*double*the size of your system and you only

*double*the computation time. If just all methods were as such, the queue on your local super computer cluster would be easier to guess when computers were available instead of seeing a wall of 200+ hours of jobs just sitting there because people don't give a crap.

Inspired by +Jan Jensen and a recent blog post of his (which I was reminded of when I wrote another blog post on the subject of many-body expansions), I set out to actually do the calculations on timings myself albeit with a different goal in mind.

**2-body calculations**

Even if you use the many-body expansion of the energy, I showed that the accumulated number of calculations one would need increases dramatically for large N-body. If we only focus on doing one- and two-body calculations, the effect is barely visible in the previous plot, but calculating the computational time from Jan's linear model (only do nearest neighbors) together with one where we do all pairs, we see that even at the two-body level, there is no linear scaling unless you do some approximations.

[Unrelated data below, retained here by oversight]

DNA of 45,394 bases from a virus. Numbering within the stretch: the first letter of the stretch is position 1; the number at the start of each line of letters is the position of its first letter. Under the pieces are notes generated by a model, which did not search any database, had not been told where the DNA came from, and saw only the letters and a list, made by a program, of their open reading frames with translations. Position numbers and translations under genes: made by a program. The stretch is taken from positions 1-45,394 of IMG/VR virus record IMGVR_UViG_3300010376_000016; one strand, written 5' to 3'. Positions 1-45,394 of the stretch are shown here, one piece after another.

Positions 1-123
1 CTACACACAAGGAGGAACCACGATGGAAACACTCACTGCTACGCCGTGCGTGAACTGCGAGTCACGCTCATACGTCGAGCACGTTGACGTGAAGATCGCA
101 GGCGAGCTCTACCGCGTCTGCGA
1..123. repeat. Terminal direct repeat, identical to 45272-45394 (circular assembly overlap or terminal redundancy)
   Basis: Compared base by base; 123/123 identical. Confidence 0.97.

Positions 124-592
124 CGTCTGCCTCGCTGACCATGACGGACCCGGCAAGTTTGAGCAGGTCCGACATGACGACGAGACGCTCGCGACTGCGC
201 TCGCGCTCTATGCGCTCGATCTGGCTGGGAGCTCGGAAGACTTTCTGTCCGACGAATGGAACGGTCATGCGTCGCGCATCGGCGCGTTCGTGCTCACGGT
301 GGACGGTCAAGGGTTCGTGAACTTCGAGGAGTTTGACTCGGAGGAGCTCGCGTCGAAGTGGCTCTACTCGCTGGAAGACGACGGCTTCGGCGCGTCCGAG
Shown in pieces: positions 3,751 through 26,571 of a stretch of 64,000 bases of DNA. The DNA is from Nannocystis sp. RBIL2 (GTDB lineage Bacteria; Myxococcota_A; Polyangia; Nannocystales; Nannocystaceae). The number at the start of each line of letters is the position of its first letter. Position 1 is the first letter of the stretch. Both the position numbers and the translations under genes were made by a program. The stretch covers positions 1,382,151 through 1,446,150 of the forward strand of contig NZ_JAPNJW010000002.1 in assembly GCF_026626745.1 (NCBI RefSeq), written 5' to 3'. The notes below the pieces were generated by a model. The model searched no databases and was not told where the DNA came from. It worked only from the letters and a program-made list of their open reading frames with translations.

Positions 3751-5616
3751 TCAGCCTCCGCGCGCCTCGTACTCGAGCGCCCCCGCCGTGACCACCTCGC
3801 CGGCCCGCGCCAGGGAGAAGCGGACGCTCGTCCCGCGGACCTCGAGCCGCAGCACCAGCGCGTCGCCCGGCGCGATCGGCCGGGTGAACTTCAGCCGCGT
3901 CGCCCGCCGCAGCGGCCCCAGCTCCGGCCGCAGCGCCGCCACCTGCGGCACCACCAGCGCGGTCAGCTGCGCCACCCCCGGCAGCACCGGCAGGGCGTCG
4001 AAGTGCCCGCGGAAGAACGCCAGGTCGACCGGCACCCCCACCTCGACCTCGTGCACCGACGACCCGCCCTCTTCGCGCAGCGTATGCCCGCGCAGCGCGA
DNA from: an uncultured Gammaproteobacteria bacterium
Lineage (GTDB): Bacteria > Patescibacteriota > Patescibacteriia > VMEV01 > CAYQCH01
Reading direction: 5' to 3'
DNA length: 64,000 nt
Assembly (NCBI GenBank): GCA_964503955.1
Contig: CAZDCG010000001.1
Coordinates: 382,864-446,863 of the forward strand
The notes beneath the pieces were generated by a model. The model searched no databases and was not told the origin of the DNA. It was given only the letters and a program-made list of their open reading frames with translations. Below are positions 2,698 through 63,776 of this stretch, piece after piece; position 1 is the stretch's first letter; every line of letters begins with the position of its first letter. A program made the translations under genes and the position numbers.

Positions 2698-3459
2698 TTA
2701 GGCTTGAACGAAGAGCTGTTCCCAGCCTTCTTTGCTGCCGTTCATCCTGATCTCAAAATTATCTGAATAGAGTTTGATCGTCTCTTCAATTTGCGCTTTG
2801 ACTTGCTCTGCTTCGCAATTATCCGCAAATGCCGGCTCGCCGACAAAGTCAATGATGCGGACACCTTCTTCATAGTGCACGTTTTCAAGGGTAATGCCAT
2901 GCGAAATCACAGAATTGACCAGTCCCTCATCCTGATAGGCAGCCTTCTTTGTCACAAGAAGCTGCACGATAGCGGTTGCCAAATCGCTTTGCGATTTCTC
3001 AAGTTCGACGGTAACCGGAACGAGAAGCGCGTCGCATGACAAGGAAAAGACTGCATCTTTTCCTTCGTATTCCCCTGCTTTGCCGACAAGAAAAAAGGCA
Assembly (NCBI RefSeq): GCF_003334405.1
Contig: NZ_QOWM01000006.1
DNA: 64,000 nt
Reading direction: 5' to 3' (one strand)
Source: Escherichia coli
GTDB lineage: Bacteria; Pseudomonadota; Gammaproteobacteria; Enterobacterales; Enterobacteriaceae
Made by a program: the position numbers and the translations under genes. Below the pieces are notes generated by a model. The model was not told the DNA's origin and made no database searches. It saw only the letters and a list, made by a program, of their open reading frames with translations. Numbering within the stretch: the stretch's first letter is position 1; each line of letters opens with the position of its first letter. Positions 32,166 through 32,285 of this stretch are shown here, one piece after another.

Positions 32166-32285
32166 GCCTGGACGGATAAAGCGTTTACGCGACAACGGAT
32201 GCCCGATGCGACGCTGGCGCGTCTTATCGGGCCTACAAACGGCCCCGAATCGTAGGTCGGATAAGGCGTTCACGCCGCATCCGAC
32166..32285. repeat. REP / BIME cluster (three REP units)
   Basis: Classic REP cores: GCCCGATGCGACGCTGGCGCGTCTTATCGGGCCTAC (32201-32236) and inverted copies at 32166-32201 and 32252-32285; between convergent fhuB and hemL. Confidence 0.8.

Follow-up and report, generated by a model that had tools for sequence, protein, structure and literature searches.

Here, I have assumed a computational scaling of $\alpha=2.8$ and uniform monomer sizes. I've assumed that a monomer calculation takes 1s and there is no overhead nor interaction at the monomer level.

Admittedly, the linear model is crude, but it shows the best scaling you could hope for by including the minimum amount of two-body calculations. In a more realistic case, you would end up somewhere between the red and the black line, but that is the subject for a future post.

This is why we need linear scaling!

**3-body calculations**

Just for the fun of it, here is the 3-body scaling

and I dare not think of what the time would be for the calculation without approximations for higher n-body calculations.

I think that we can all agree on that approximations must be made or else we are doomed.

We need linear scaling!

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